Can Border Force search your mobile phone?
Concerns regarding Border Force’s search powers
It has been reported that the Australian Border Force searched more than 40,000 mobile phones and other data storage devices of travellers entering the country in just five years.
During 2021, border officials demanded passwords to examine 822 mobile phones belonging to people entering the country, sometimes copying data while holding the phones for lengthy periods.
The demand prompted some concerned travellers to ask whether Border Force was exceeding its powers to search travellers without giving a reason.
Border Force’s legal authority to examine electronic devices
The powers laid out under the Customs Act leave room to argue generally that there is no legal obligation for people to hand over passwords to their electronic devices to Border Force.
But if you refuse to comply with a request to examine your phone or laptop, you might be held for what the Act says is “further enforcement action”. This means you might not be leaving the airport for some time.
“Risks to the border” as justification for Border Force inspections
If Border Force considers there is a “risk to the border”, they can take away the device for further examination.
All they need to tell you is that they want to inspect the electronic device for “suspicious content”. They don’t have to say what that suspicious content is.
They can keep the device for as long as they deem necessary to examine it, but the agency says its policy is not to keep them for more than 14 days unless further examination is needed. (Please see Crossing the border, Australian Border Force.)
The “risk to the border” can include terrorism-related material, illegal pornography and media that has been, or would be, refused classification.
Border Force can question travellers and inspect goods for suspected breaches of immigration, customs, biosecurity, health, law enforcement or national security reasons. This can include breaches of visas, such as tourists illegally taking a job.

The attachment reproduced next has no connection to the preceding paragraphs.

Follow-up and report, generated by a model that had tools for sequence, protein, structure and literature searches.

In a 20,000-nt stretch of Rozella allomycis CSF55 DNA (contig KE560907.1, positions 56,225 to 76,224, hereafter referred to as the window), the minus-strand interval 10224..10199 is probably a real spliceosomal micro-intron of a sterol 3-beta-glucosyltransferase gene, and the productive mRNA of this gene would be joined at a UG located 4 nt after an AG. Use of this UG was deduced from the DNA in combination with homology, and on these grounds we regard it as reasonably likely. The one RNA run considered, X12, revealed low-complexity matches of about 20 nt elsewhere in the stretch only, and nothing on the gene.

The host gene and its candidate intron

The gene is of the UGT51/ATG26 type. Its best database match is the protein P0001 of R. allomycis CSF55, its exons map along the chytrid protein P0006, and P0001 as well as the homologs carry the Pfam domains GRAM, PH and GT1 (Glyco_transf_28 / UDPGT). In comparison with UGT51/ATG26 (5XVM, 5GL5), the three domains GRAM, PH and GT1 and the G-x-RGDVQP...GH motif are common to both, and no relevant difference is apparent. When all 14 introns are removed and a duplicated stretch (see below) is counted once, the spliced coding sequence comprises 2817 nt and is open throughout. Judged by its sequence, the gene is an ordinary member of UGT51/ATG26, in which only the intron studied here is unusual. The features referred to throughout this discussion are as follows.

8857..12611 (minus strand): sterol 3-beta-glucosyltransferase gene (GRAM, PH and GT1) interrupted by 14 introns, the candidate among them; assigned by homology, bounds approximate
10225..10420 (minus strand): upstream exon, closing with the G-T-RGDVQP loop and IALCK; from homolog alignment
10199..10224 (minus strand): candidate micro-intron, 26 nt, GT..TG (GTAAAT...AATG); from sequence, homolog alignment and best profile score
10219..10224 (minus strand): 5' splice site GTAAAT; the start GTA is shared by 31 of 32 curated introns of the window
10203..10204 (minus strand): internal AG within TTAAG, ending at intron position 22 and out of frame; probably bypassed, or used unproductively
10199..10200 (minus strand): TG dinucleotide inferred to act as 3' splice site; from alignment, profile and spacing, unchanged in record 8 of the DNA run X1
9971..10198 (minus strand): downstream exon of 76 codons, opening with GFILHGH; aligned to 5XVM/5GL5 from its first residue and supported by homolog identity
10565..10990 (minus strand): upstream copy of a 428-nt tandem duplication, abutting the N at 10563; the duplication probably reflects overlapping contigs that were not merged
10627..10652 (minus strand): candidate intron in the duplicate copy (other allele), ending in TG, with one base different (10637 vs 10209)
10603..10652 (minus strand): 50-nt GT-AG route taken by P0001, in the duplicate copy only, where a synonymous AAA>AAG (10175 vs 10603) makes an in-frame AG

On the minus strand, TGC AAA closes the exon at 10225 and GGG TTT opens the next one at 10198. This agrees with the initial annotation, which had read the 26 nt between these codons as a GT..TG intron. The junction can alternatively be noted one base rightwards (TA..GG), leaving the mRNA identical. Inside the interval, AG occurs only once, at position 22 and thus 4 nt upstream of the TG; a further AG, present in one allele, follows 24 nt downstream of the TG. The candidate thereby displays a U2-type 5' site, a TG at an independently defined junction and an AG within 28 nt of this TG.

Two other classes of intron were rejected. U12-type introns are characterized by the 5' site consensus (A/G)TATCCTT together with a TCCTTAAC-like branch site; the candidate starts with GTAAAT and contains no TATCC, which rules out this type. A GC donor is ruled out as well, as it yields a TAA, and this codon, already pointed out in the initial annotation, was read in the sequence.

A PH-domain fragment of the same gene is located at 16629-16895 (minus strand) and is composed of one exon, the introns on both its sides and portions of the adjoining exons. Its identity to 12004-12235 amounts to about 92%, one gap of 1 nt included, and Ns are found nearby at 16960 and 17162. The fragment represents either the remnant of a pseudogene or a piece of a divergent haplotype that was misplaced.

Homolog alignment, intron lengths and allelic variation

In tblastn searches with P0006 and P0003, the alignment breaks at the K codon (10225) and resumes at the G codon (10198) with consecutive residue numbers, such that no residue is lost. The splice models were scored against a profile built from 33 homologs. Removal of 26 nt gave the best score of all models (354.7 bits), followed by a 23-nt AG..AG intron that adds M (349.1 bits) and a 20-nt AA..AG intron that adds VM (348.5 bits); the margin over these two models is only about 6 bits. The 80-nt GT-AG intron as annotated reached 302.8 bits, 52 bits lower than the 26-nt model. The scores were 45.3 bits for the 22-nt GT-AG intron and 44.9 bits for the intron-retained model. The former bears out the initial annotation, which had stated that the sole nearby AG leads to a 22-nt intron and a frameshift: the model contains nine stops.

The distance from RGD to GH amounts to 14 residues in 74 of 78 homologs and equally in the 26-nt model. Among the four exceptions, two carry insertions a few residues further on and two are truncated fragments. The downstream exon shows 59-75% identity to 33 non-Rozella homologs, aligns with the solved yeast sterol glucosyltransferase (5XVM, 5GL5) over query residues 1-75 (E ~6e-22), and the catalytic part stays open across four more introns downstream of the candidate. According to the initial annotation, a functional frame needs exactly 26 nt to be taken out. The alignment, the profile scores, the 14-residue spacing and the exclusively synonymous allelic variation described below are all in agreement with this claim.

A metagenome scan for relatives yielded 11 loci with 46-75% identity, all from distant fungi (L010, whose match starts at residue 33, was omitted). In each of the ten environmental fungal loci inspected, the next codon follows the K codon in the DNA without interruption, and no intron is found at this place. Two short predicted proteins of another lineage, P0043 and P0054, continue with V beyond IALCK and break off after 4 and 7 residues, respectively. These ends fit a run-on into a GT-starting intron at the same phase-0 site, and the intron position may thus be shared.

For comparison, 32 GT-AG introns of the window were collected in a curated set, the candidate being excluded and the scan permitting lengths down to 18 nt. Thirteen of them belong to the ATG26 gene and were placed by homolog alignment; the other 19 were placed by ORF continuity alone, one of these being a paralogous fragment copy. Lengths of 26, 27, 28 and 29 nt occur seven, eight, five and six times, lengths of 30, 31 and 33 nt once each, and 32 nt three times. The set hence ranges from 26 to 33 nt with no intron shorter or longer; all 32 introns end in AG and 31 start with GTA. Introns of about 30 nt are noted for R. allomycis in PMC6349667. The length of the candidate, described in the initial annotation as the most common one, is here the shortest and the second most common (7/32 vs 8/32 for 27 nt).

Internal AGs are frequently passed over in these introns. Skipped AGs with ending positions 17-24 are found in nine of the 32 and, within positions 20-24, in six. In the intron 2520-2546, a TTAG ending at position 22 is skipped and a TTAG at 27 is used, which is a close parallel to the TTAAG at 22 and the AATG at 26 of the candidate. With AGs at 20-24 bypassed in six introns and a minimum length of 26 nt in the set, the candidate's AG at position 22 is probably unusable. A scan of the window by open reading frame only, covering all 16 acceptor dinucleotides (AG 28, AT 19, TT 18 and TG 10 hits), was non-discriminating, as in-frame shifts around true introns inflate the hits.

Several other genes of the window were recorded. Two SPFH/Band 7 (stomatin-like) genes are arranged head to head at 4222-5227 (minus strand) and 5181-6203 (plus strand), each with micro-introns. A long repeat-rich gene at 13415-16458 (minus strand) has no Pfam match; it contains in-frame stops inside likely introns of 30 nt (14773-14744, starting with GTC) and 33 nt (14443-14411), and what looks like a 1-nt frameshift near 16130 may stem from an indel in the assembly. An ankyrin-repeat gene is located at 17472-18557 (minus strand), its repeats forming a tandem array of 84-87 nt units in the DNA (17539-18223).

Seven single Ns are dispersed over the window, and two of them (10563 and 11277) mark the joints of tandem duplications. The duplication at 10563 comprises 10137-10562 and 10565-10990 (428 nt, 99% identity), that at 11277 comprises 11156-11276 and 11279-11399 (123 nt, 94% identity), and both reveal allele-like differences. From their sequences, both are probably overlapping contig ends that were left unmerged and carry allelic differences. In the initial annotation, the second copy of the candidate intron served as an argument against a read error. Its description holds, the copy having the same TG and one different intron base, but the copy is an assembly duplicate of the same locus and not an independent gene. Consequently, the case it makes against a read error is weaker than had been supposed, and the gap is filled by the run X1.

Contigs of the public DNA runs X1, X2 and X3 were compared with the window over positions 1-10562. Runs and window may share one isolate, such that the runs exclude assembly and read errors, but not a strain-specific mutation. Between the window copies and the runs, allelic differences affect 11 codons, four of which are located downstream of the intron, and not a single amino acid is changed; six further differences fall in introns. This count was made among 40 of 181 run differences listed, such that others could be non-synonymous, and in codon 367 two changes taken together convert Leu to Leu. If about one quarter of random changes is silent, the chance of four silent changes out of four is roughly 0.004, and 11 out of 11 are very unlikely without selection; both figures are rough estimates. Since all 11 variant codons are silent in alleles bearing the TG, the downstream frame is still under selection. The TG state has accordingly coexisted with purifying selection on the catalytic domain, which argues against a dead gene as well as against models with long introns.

Border Force’s role in law enforcement operations
A Border Force spokesman told the ABC: “Information seized from passengers’ phones has contributed to the success of many domestic law enforcement operations targeting illegal activities.” (Please see Border Force asks to search your phone when you are travelling back to Australia — what can you do? ABC News, 24 January 2022.)
Border Force can use technology such as Cellebrite or Grayshift to scan the contents of a phone or laptop without needing the password. The owner doesn’t have to be present during the examination of the phone or laptop.
The agency has the legal power to make copies of documents related to any offence against a prescribed act, or information relevant to Australia’s spy agencies. This may later be used in any charges laid for breaches of the Customs Act or Crimes Act.
But Border Force does not have the power to access files stored “in the cloud” without a warrant. Nor does it have the power to alter or delete data found while examining the device.
Differences between Border Force and state police powers
State police powers to search a phone are different. Under NSW law, police can stop and seize anything they suspect “on reasonable grounds” may break the law, such as carrying drugs, stolen goods or concealed weapons.
NSW Police do need “probable cause” to search a phone or vehicle and may need to demonstrate that they have a basis for their suspicion of an offence.